A news release from the ERISA Industry Committee (ERIC) said the move by the Equal Employment Opportunity Commission (EEOC) provides relief from the Erie County court ruling by the US 3rd Circuit Court of Appeals, which ruled that the ADEA applies to retirees, not just active workers, in Erie County Retirees Association v.of (See Erie Go Again ). The EEOC’s proposed rule is at http://edocket.access.gpo.gov/2003/03-17738.htm .
“Today’s action is an important victory for retirees – especially pre-Medicare eligible retirees ages 50 to 64 – and the employers who wish to continue to provide them with post-employment health care coverage,” ERIC President Mark Ugoretz said in the announcement. “We have cleared a major hurdle on the way to securing much needed relief, and urge the interagency review process to proceed quickly.”
In the Erie case, the court found that Erie County, Pennsylvania had discriminated against older retirees by offering them coverage that was alleged to be less valuable than that offered to retirees who were not yet eligible for Medicare. Concerns about the reach of that case multiplied when the EEOC incorporated the court’s position into its compliance manual, which meant employers could face enforcement actions from the commission as well.
According to ERIC, the Erie County ruling gave employers two choices:
- provide equal benefits to pre- and post-Medicare eligible retirees, which ERIC said results in a windfall to post-Medicare eligible retirees because their employer coverage in addition to Medicare gives them greater total coverage than the employer-only coverage pre-Medicare retirees would get.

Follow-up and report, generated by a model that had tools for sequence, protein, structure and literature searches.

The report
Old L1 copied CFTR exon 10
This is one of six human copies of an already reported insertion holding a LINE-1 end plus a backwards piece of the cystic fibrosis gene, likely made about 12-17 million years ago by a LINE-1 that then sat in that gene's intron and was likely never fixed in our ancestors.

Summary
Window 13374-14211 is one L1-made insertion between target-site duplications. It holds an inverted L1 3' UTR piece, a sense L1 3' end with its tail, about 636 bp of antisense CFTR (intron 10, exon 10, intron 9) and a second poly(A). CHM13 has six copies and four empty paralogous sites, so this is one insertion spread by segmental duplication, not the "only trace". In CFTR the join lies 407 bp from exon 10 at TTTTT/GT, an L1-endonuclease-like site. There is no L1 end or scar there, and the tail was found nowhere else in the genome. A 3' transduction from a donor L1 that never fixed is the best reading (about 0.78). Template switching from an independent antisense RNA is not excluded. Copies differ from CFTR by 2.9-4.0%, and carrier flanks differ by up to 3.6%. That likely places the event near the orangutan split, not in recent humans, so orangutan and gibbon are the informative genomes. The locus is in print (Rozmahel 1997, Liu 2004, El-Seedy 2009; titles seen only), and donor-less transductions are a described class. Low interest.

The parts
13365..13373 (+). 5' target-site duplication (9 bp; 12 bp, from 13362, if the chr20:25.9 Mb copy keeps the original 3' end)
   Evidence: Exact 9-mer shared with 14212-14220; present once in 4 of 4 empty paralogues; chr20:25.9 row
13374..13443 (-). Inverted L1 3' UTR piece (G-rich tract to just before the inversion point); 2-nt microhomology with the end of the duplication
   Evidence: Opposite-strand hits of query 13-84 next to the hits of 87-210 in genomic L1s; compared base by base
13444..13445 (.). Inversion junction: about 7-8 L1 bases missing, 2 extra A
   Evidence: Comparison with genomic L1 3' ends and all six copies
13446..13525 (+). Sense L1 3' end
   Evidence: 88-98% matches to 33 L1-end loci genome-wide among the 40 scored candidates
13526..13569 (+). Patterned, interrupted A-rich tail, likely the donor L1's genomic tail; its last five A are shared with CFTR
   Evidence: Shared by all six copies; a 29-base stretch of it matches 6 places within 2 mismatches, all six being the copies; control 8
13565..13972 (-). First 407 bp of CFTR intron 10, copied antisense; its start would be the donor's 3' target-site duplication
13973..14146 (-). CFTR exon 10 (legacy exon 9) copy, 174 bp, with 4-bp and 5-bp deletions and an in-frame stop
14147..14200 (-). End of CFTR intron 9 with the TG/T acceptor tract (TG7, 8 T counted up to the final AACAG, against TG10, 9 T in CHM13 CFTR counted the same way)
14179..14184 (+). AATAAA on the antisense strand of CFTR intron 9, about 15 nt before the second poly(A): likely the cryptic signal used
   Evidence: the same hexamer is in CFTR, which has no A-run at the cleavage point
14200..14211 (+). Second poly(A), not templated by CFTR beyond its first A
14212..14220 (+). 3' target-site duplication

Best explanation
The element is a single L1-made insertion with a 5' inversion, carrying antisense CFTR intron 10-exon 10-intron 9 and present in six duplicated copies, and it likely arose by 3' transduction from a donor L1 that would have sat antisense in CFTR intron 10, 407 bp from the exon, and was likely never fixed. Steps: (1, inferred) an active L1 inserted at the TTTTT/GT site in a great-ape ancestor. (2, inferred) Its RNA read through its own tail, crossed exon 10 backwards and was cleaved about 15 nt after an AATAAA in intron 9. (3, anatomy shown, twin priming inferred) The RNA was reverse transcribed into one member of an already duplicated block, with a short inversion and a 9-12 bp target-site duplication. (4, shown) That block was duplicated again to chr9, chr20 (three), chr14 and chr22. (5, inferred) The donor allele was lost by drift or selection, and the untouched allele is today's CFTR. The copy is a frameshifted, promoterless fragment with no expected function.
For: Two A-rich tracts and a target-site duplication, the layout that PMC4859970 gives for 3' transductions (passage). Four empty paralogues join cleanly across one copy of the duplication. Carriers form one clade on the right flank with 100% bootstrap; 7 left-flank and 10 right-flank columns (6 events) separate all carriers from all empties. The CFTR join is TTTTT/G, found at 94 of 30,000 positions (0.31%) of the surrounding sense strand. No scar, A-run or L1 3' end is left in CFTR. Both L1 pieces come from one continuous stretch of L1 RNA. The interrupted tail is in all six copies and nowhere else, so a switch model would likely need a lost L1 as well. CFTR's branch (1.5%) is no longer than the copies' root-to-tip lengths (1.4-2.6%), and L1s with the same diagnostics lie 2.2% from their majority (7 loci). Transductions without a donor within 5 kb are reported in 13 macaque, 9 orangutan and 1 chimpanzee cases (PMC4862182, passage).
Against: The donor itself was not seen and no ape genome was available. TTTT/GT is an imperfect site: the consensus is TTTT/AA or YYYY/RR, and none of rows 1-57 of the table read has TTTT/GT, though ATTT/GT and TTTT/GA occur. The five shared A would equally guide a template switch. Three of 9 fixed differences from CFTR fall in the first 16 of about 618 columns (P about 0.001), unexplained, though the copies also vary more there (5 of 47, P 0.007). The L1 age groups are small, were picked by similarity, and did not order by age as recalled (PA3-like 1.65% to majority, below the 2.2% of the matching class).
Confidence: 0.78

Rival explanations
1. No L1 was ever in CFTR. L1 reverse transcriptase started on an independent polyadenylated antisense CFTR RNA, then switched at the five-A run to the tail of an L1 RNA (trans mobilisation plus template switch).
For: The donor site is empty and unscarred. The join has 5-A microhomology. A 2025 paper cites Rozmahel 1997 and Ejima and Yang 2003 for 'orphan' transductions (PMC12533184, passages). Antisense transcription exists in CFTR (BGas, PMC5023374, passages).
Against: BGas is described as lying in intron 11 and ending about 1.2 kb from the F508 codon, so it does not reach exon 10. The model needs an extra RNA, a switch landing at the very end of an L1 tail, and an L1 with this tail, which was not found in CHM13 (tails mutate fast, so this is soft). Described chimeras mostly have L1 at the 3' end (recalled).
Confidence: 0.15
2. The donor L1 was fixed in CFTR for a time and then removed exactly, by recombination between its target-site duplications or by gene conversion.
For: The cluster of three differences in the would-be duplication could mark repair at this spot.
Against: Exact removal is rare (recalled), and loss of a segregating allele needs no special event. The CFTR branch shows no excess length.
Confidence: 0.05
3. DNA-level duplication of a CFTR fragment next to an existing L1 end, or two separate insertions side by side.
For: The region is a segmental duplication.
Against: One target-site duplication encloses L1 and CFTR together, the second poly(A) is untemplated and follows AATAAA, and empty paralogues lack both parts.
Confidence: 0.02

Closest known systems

- to significantly reduce or eliminate retiree health coverage altogether.
“Employers simply can not afford to comply with Erie County by topping up coverage for post-Medicare eligible; the only economically feasible option is to reduce coverage for pre-Medicare eligible retirees or drop retiree health coverage entirely,” Ugoretz asserted. “The exemption solves that dilemma.”
The EEOC had signalled that it might provide the requested Erie County ruling relief. (See Encouraging Words? ).
Another industry group, the American Benefits Council, also released a letter to the EEOC urging the agency to finalize the ADEA exemption proposal.
Finally, one prominent lawmaker weighed in late Thursday after the EEOC decision. “The EEOC should be commended for moving forward with a common sense regulation to help preserve important retiree health benefits for millions of American seniors,” said U.S. House Education & the Workforce Committee Chairman John Boehner (R-Ohio) . “We should be encouraging employers to continue providing generous health benefits to retirees, and this regulation will help ensure they are able to do so without subjecting themselves to groundless charges of age discrimination.”
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